Gift of charitable remainder interest in joint, tenancy in common or community property when donors are spouses. The charitable remainder interest is reportable regardless of size because it’s a future interest. It’s then deductible as a charitable contribution, resulting in a wash. The actuarially older spouse makes a gift to the actuarially younger spouse of the difference in value of their survivorship interests. But a citizen-spouse’s survivorship interest doesn’t qualify for the QTIP marital deduction. To avoid gift tax, each spouse can reserve the right to revoke the other’s survivorship interest. It can be a testamentary right or a lifetime right. Also, reserve that right when a spouse is a non-citizen.

 

Charitable lead trusts. Gift tax reporting is required for both grantor and non-grantor trusts.

 

When to file. Form 709 is an annual return. Generally, you must file the 2012 Form 709 on or after Jan. 1, but not later than April 15, 2013.

 

Extension of time to file. There are two methods of extending time to file the gift tax return. Neither method extends the time to pay the gift or generation-skipping transfer (GST) taxes. If you want an extension of time to pay the gift or GST taxes, you must request that separately. (See Treasury Regulations Section25.6161-1.)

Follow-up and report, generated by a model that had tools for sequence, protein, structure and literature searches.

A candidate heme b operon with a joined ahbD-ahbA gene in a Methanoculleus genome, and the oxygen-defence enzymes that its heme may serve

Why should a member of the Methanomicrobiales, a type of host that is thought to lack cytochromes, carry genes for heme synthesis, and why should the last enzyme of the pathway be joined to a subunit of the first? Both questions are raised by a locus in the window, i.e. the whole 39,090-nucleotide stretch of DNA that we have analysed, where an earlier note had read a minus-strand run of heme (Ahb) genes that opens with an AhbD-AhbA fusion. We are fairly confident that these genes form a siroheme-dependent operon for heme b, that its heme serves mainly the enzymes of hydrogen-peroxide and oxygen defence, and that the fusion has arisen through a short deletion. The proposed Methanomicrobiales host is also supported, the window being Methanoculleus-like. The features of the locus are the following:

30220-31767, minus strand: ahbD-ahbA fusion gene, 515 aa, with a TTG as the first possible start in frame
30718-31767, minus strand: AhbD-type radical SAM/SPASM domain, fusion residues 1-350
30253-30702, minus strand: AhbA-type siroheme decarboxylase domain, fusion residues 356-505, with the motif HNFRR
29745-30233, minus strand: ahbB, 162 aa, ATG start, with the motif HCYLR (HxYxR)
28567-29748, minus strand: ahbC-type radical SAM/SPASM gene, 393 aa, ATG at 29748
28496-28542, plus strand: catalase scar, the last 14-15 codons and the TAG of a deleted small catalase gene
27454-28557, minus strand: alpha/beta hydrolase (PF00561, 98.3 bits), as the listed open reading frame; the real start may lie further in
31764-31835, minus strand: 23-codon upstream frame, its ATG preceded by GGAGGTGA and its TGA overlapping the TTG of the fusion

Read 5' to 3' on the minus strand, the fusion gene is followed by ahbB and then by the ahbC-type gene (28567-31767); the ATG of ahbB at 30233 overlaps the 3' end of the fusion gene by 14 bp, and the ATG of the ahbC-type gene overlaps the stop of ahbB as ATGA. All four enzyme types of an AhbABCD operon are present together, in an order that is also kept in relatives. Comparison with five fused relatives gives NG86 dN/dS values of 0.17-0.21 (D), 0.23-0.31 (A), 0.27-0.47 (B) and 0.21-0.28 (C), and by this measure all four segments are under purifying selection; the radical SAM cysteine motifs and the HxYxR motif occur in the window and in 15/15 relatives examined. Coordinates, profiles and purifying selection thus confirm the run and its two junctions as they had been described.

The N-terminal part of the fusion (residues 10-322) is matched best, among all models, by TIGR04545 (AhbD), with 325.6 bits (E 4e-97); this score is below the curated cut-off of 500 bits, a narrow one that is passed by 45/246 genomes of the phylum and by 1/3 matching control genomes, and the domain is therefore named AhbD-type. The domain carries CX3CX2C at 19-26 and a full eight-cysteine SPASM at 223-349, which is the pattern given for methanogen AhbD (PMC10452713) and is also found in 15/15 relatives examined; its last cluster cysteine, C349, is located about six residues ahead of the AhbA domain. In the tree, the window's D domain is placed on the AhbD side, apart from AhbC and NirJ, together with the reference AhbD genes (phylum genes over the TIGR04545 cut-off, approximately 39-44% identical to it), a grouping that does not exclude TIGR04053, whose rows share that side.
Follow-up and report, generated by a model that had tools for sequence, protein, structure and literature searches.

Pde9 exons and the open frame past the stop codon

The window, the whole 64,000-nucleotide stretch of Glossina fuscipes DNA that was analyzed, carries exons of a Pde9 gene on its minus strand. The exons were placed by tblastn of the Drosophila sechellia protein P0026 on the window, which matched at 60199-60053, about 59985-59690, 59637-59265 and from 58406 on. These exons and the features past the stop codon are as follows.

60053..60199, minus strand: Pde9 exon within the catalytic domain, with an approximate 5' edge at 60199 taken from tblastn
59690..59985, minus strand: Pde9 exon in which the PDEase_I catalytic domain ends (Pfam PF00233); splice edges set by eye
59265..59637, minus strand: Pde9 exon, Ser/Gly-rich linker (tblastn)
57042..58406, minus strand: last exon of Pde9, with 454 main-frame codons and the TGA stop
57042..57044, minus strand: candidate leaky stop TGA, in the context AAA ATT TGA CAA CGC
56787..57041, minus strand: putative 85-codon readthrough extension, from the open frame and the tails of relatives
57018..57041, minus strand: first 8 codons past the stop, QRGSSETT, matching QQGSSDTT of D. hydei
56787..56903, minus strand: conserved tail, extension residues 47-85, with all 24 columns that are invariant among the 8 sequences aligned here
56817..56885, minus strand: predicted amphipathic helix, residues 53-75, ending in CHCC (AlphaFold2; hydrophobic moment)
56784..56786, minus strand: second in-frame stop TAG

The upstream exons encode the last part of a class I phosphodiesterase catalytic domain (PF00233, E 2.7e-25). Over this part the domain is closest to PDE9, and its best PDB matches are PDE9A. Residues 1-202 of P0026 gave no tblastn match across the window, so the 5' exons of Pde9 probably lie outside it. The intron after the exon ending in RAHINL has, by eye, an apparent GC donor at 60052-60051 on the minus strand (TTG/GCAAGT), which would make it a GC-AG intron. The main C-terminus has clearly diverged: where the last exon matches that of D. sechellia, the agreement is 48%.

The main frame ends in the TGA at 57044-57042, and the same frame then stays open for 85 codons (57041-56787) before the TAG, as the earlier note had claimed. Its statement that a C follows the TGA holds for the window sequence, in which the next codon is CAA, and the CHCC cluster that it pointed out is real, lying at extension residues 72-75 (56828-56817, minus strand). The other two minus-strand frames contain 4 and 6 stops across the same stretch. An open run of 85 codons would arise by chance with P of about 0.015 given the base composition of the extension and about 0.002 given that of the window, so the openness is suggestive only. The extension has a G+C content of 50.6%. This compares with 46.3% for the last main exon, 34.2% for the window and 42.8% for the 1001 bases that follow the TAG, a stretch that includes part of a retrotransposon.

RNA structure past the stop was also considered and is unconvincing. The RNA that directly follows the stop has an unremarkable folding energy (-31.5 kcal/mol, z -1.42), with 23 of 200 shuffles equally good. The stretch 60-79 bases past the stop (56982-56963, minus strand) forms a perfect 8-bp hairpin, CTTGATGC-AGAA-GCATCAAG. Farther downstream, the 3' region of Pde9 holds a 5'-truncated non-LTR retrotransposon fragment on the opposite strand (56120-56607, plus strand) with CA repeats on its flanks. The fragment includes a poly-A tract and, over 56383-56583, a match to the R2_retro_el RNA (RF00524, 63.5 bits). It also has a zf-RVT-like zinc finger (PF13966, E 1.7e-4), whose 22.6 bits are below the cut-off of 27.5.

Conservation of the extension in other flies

Method 1: Extension to file your income tax return.Any extension of time granted for filing your calendar year 2012 federal income tax return will also extend the time to file your 2012 gift tax return. Make requests for income tax extensions by using Form 4868, Application for Automatic Extension of Time To File U.S. Individual Income Tax Return, or Form 2350, Application for Extension of Time To File U.S. Income Tax Return. See Form 4868 to get an automatic 6-month extension (four months if “out of the country”) and for instructions for using the Internal Revenue Service’s  electronic filing program or a credit card to pay part or all of the federal income tax (but not gift or GST taxes) you expect to owe for 2012. Use these forms only to extend the time for filing your gift tax return if you’re also requesting an extension of time to file your income tax return.